by Doug MacCash for The Times-Picayune/The New Orleans Advocate The year 2020 has been a tangle of medical, political, social, economic and ecological trouble. There’s no getting around it. But down on Julia Street, the group exhibit “Art in the Time of Empathy” at Arthur Roger Gallery brings a touch of solace to the situation…
You don’t need to be an art buff to appreciate the New Orleans Museum of Art’s most recent exhibition: “Pride of Place: The Making of Contemporary Art in New Orleans.” Pride of Place celebrates art collector and gallery owner Arthur Roger’s personal collection that he gifted to the museum.
[Arthur Roger’s] donation — paintings, sculpture and photography by local and national luminaries of modern art — comprises a new NOMA exhibit, “Pride of Place: The Making of Contemporary Art in New Orleans.” The exhibit opens Friday and runs through Sept. 3. In the exhibit’s 143-page catalog, museum Director Susan M. Taylor describes the gift as “transformational.” It “significantly expands” NOMA’s contemporary art holdings and “reaffirms the museum’s commitment to the work of local New Orleans artists,” she said.
On June 1, Arthur Roger’s personal collection of paintings, sculptures, drawings, photographs and mixed media pieces will be taken off his walls, packed away and carted over to the New Orleans Museum of Art. He recently donated more than 80 pieces to the museum, including works by national and regional artists such as Luis Cruz Azaceta, Willie Birch, Douglas Bourgeois, Robert Colescott, George Dureau, Robert Gordy, Deborah Kass, Catherine Opie, Robert Polidori, Holton Rower and John Waters, among others.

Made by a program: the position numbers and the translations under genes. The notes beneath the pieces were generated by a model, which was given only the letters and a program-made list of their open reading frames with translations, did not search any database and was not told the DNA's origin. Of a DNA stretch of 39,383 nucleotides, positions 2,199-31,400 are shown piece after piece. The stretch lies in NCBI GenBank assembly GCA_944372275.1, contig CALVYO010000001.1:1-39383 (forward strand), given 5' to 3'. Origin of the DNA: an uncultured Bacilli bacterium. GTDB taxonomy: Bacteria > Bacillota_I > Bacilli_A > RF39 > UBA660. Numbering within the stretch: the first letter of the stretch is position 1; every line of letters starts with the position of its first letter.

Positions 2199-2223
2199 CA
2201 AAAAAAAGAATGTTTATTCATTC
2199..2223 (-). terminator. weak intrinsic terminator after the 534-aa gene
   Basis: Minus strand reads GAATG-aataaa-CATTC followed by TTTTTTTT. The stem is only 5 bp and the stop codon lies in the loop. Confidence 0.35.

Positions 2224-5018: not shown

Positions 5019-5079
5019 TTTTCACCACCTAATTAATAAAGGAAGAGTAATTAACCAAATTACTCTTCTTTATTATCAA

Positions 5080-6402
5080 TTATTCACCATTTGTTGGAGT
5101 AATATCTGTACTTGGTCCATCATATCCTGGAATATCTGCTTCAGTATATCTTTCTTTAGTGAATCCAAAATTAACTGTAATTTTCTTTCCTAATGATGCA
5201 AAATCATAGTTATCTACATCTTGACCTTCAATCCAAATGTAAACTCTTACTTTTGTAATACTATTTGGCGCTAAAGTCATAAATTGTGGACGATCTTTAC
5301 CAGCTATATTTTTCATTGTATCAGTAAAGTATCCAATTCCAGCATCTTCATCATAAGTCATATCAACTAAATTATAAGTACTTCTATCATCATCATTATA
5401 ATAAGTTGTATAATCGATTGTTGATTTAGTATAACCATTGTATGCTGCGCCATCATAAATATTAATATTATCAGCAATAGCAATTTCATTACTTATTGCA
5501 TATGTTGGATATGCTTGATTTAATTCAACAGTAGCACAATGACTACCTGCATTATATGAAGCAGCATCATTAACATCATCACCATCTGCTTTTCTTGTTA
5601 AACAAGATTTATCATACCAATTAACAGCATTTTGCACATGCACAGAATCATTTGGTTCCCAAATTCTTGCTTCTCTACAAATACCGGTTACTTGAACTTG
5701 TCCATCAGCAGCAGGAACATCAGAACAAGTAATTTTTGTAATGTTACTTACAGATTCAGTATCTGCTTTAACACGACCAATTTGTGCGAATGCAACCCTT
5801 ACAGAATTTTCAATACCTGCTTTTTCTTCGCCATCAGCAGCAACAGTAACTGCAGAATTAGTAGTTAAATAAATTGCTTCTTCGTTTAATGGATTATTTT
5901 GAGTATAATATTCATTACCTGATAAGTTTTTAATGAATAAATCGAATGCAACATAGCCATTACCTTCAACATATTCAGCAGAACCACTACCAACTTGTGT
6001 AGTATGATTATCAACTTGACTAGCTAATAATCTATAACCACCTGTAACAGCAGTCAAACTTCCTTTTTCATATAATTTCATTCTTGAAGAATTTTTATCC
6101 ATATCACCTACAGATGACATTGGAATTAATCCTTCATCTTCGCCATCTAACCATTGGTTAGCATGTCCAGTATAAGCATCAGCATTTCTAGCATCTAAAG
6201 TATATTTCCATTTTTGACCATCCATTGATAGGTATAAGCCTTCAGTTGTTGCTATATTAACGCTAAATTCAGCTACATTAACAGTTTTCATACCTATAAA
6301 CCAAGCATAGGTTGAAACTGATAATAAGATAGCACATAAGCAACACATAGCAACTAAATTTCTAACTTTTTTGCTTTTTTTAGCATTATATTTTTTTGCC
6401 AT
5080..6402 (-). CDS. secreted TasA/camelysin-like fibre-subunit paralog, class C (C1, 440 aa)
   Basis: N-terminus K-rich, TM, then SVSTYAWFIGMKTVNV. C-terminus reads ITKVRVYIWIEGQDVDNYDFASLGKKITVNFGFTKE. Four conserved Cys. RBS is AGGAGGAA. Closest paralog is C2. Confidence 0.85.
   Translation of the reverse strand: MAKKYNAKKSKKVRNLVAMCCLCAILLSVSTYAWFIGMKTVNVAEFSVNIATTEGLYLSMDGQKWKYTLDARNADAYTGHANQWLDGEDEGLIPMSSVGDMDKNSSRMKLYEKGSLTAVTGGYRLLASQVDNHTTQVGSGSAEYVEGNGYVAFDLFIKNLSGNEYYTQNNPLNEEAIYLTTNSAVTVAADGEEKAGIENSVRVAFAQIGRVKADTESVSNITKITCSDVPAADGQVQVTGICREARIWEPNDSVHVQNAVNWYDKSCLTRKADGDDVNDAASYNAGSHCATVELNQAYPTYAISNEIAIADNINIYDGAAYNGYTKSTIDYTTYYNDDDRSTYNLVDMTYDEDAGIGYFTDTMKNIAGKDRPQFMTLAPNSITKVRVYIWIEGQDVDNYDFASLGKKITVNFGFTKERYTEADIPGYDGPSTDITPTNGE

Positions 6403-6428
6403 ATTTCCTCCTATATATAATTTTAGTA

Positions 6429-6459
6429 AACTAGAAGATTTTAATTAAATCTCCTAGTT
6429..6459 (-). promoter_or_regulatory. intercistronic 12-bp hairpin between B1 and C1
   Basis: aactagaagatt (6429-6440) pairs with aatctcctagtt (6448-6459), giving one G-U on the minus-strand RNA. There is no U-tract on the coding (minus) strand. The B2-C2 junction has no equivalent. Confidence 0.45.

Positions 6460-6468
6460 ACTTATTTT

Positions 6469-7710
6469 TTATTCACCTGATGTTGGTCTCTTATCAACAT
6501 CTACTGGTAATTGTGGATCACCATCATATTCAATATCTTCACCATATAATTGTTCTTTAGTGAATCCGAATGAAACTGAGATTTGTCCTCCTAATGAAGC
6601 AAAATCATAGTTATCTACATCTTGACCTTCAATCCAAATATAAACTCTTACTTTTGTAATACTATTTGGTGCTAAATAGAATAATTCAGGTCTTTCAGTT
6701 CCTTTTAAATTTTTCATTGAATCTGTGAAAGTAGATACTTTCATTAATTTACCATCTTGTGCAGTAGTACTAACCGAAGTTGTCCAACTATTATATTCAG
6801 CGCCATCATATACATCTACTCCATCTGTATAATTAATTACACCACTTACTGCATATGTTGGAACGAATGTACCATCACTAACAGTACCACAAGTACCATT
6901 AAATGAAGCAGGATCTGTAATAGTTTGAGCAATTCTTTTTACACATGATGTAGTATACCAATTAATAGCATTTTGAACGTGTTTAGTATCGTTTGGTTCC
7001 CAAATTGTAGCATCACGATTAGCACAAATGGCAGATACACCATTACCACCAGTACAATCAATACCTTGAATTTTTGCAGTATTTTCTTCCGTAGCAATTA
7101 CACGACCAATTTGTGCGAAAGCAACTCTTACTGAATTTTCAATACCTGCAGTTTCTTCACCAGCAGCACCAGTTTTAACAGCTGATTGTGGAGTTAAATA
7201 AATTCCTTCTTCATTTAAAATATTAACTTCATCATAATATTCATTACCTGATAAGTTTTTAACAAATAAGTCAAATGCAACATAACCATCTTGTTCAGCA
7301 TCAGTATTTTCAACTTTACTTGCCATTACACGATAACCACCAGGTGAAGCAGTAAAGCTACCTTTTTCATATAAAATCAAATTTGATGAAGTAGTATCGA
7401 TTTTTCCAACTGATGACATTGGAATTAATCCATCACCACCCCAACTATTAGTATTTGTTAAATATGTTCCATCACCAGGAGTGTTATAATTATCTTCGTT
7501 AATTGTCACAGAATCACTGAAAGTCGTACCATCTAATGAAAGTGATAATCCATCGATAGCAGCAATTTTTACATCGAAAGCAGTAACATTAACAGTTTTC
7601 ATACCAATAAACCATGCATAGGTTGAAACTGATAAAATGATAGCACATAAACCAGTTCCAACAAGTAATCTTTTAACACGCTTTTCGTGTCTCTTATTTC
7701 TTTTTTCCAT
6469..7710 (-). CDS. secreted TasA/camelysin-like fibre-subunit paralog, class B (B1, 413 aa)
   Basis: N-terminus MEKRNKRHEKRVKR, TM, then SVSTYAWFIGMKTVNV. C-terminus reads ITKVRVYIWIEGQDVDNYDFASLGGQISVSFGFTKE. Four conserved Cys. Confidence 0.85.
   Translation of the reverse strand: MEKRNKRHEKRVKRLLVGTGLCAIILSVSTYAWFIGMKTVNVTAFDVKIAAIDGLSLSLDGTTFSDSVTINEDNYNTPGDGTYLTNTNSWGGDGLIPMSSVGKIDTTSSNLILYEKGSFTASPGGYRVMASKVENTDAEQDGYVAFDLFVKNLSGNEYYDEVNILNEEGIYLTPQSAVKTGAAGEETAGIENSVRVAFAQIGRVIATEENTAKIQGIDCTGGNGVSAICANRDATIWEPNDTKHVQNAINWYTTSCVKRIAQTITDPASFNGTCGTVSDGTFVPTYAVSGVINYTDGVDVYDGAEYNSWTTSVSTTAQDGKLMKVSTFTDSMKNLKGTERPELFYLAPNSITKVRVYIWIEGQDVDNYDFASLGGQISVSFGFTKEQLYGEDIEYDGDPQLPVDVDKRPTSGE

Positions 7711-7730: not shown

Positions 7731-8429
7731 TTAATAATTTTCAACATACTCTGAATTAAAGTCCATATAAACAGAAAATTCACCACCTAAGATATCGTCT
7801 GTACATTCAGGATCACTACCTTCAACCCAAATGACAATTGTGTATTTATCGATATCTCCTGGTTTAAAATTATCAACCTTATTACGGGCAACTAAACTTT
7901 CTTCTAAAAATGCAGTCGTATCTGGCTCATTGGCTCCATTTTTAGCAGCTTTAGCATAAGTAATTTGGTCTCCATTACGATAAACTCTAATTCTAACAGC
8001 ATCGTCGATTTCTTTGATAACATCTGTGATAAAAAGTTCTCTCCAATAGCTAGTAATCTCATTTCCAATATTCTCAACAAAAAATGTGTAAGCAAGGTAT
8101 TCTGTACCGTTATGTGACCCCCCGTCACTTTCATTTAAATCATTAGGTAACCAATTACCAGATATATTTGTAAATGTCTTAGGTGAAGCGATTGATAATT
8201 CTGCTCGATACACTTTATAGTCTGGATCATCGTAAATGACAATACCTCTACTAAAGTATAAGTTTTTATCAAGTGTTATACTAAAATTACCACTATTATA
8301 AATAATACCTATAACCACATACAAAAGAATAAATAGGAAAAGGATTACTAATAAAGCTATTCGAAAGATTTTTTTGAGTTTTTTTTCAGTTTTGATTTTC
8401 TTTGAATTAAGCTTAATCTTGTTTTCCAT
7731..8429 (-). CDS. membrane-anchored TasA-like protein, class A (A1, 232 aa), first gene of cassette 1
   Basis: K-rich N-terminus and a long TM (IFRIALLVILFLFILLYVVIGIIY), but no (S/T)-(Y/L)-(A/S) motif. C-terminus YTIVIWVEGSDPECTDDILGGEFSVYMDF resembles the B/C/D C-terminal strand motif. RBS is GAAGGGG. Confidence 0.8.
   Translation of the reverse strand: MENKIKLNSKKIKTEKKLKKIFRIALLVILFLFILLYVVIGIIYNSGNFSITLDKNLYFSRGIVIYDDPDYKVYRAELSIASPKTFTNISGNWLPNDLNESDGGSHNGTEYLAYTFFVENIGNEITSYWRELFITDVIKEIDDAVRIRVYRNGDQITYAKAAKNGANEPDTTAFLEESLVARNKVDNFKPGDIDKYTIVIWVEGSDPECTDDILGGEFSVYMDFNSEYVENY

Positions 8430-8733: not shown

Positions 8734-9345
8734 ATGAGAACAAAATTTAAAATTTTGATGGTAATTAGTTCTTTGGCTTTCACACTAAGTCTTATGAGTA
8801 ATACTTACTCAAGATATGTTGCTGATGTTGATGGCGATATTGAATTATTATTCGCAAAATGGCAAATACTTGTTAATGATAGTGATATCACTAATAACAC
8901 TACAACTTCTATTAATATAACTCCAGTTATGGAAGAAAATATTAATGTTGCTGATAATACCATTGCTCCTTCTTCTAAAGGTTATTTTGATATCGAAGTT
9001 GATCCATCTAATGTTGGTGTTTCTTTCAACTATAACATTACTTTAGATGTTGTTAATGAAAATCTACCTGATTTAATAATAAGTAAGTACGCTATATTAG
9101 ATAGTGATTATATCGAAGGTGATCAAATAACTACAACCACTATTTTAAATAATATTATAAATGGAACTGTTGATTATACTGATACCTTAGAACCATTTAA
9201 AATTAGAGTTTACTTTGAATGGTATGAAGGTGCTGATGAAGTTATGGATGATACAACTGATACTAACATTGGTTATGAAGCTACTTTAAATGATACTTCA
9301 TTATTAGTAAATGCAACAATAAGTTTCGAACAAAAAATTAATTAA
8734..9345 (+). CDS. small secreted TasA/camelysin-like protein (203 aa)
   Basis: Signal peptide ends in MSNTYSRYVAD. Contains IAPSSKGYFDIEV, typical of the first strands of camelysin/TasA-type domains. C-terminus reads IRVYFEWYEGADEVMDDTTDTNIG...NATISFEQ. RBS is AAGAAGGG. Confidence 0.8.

Creative Spaces | A Tour of Innovative Workplaces DELOITTE’S NEW OFFICE Artist commissioned to capture the flavour of Canada by SARAH TRELEAVEN When accounting firm Deloitte refurbished its five-storey national office in Toronto’s financial district, the firm wanted to display art that would reflect its presence across the country. John Kelly, of interior design firm…
John Hartman’s painted cities are the ones parents tell their wide-eyed children about, the astounding metropolises formed by almighty rivers and buildings that ignore gravity as they make their way to the moon. They’re Oz or Xanadu’s pleasure dome.
Eighty percent of Canadians live in cities, but you wouldn’t know it from our art collections. From the Group of Seven in the east to Emily Carr in the west, the canon depicts our land as one of wilderness and farms, not freeways. It’s this absence of the pictured urban, in part, that makes John Hartman’s Cities series so affecting: It shows we can have beautiful paintings of Calgary, Vancouver and Toronto, rather than just the parks adjacent to them. Yet Hartman doesn’t rehash clichéd, neon-flashed, bass thumping visions of urban life. Rather, he portrays cities as organic entities. Leah Sandals spoke to Hartman at his Lafontaine, Ont., abode.